let the lotus of compassion enfold the world

Buddhist Global Relief is an interdenominational community of Buddhists and friends of Buddhism who seek to give concrete expression to the Buddha's great compassion as an ongoing project in the contemporary world.
BGR is an all-volunteer organization.

BGR was born in response to an essay by Ven. Bhikkhu Bodhi challenging American Buddhists to face the immensity of suffering that besets humanity in our present-day world. In May 2008, a number of Ven. Bodhi's friends and students joined hearts and hands to create BGR as a vehicle for addressing the plight of people afflicted by Poverty Disaster Societal neglect

The special challenge facing Buddhism in our age is to stand up as an advocate for justice in the world, a voice of conscience for those victims of social, economic, and political injustice who cannot stand up and speak for themselves. This, in my view, is a deeply moral challenge marking a watershed in the modern expression of Buddhism.
--Ven. Bhikkhu Bodhi Buddhadharma (fall 2007)

Our mission is to provide relief to the poor and needy throughout the world regardless of nationality, ethnicity, gender, or religion.

Bearing in mind the Buddha's frequent stress on the value of giving food, BGR especially focuses on providing food aid to those afflicted by hunger and chronic malnutrition.

We address the global problem of hunger. According to the World Food Program, each year... 10 million people die of hunger or hunger-related diseases. Over half of them are children. Each day... over 100 million people wonder where their next meal will come from.


We fight hunger and poverty in the developing world. We support projects aimed at developing better long-term methods of food production to ensure its beneficiaries a constant supply of food.

BGR provides grants to organizations in impoverished communities to meet the need for nutrition, clean water, education, and supporting infrastructure.

BRG aims at long-term solutions. We seek to promote better long-term methods of food production, management, and distribution.

BRG does not proselytize. We respect the religious beliefs of those whom we serve and seek to work in harmony with people of all faiths to alleviate poverty.

Photo: Jeremy Barnicle/Mercy Corps

In giving food, one gives five things to the recipients: one gives life, beauty, happiness, strength, and mental clarity.

In giving these five things, one in turn partakes of life, beauty, happiness, strength, and mental clarity, whether in this world or in the heavenly realm.
-- Anguttara Nikaya 5:37

We assist victims of sudden disaster who need emergency food aid. We enable those hurt by chronic food shortages to develop stable strategies of food security. We seek to...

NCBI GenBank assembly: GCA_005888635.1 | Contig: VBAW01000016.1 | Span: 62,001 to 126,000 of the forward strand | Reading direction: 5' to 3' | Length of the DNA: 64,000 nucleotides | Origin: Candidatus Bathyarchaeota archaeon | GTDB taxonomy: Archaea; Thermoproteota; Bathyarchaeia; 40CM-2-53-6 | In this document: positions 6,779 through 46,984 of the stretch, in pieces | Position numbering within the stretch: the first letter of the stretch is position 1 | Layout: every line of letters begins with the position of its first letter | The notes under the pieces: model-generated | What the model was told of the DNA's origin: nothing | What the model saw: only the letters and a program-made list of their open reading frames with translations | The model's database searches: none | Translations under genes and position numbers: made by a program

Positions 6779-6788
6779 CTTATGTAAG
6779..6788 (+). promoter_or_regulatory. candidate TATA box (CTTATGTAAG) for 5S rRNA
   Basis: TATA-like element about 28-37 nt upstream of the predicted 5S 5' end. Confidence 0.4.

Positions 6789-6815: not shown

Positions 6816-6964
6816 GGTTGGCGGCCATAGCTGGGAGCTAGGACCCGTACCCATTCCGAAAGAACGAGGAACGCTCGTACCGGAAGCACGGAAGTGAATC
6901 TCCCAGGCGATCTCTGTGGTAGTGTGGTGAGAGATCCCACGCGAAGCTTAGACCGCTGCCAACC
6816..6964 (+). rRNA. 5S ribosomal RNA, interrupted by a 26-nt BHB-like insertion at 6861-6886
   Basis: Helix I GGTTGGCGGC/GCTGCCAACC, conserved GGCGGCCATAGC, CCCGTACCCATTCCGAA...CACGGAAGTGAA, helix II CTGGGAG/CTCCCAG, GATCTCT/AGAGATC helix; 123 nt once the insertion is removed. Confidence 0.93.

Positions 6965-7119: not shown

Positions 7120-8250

...provide emergency food relief.

...meet the need for clean water.
Photo: Swiatek Wojtkowiak FAO

...support education.

...enhance local infrastructure.

BGR raises funds… for food relief and related projects from both private donors and philanthropic organizations. We work in partnership… with agencies, institutions, and relief organizations already operating on the ground.

Critical rice support to girl scholarship recipients and their families
(Partner: Lotus Outreach International)

Providing meals for hospital patients
(Partner: local Red Cross)

Microfinance women's livelihood projects
(Partner: Sarvodaya Women's Movement)

Relief for families affected by Cyclone Nargis
(Partner: Save the Children)

Relief for internally displaced persons
(Partner: Sarvodaya)

Critical nutritional care to pregnant women and young children
(Partner: Helen Keller International)

Tuition and school supplies to enable migrant child laborers to attend school
(Partner: Lotus Outreach International)

May I be a good doctor for those who suffer from illness, a guide for those who have gone astray, a lamp for those who dwell in darkness, a source of treasure for those in poverty and need.
-- Vows of Samantabhadra, Avatamsaka Sutra

Founded by Ven. Bhikkhu Bodhi, American Buddhist scholar-monk.

Advisers are lay and monastic teachers and scholars, such as
Ven. Heng Sure, Ven. Thich Tri Hoang, Rev. Joan Hoeberichts, Andrew Harvey, Prof. David Loy, Michael Roehm, and Prof. Jan Willis. All staff are volunteers.

Faith: conviction in the power of goodness Compassion: breaking out of the cocoon of selfcenteredness Service: heeding the call of compassion Moral rectitude: following the Buddhist ethical code Self-cultivation: doing inner work to sustain our outer work Integrity: appropriately using funds entrusted to us Prudence: using funds effectively and efficiently Respect: honoring customs, beliefs, traditions of those we serve Collaboration: cooperating with each other, our partners, and the people we serve

As an experience of suffering shared by many, global hunger should awaken our compassion, opening our hearts to the pain of the world. As a manifestation of social injustice, it should prick our sense of conscience, compelling us to alter the forces that subject whole populations to such a cruel fate.
--Ven. Bhikkhu Bodhi

Please join us www.buddhistglobalrelief.org

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